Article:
You Haven’t Heard of Mary Oliver?

Mary Oliver
Mary Oliver

This isn’t my first blog post about the poet Mary Oliver, but it’s the first to see the light of day. I abandoned the others because they kept straying into the realm of dry, academic analysis. When writing about serious writers, you see, I tend to get an inferiority complex — do I dare comment on the work of a Pulitzer Prize-winning poet with anything less than polished, incisive, and heavily annotated prose? Do I have the right to even utter Oliver’s name without having read and considered carefully her entire oeuvre? And the words of the many critics who have critiqued her work? And her biographical information? Soon, instead of a quick blog about a poet I rather enjoy, I felt like I was looking down the barrel of a graduate thesis.

But then I reminded myself of a few things:

  1. We are all going to die someday. Maybe soon.
  2. This is my personal blog. It is not the New York Fucking Times. And even if it was the NY F”ing T, that still doesn’t mean everything has to be a work of genius — it just has to say something interesting in an interesting way. I’ve read plenty of sub-genius writing in the Times and The New Yorker and National Geographic. Genius is a very high bar; if you’ll settle for nothing less, then you’ll end up with nothing at all.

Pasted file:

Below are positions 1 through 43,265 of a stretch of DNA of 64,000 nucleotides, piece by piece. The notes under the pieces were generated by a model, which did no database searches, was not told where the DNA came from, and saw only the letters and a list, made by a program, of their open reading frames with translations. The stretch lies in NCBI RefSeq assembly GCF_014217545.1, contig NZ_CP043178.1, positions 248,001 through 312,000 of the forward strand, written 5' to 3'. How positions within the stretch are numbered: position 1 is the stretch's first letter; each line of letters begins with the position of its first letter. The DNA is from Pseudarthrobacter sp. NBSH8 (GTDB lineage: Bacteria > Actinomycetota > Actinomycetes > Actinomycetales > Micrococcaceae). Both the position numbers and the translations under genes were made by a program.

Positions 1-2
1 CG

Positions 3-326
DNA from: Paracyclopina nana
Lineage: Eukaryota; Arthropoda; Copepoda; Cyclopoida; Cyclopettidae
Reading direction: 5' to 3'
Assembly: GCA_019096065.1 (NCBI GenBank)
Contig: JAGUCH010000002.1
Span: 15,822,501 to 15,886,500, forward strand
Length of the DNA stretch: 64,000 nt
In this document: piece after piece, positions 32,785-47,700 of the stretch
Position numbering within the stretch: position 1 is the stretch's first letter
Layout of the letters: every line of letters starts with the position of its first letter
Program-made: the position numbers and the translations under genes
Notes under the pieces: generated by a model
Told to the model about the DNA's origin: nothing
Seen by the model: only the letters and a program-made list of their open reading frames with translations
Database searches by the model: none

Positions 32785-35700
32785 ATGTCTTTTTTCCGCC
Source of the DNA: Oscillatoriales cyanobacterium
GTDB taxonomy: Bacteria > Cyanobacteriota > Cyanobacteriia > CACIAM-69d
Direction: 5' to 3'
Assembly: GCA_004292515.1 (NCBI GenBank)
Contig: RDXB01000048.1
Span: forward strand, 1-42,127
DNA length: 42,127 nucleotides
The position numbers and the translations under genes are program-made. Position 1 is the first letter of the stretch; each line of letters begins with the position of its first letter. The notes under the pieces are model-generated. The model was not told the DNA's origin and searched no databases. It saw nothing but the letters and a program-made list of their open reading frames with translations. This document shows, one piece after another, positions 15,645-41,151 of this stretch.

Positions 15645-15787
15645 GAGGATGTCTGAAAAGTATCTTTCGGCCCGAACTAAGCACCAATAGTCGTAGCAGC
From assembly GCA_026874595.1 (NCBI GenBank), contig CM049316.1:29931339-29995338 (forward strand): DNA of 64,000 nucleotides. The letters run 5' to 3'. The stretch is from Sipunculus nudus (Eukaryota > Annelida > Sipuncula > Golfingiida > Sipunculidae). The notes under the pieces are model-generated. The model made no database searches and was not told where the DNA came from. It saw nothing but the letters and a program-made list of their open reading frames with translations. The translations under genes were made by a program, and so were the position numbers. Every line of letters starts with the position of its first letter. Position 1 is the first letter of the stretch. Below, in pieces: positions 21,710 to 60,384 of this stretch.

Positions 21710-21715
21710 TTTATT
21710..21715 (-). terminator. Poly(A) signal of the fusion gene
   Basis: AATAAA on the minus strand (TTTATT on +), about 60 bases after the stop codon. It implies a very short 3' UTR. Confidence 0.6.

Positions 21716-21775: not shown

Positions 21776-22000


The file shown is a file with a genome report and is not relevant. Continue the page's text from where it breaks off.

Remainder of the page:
3. My goal here isn’t to convince you, dear reader, that I am the world’s foremost Mary Oliverologist or some sort of poetry expert, but to share something cool with you. The truth is, I haven’t read all — or even most — of Oliver’s 26 books of poetry. In fact, I only own one of those books, called House of Light. And that one didn’t even win a Pulitzer (!). But still, I have read enough of her writing over the years to know that she is worth reading.
  4. Oliver, now 76 years old, is both popular (as poets go) and controversial (in that several critics have given her bum reviews, despite, or because, of this popularity). But whatever any critic thinks of her, I find something of great value in her writing. Therefore, I am under no obligation to defend her, only to share what it is about her that I find to be so valuable. If you agree or disagree, I would be honored if you’d opine in the comments section below.

Now, in brief, my explanation of why you should pick up House of Light and other books by Mary Oliver:

First
She is a master of language. After studying literature in college and getting an MFA in poetry, I have yet to encounter a writer who more powerfully evokes the sensual aspects of nature than does Oliver. Three examples of many (many!):

“the mossy hooves /of dreams, including / the spongy litter / under tall trees.”

“Now the soft / eggs of the salamander / in their wrapping of jelly / begin to shiver. … Off they go, / hundreds of them, / like the black / fingerprints of the rain.”

“the soft rope of a water moccasin / slid down the red knees /of a mangrove, the hundred of ribs / housed in their smooth, white / sleeves of muscle …”

Salamander eggs "in their wrappings of jelly"
Salamander eggs "in their wrappings of jelly"

Second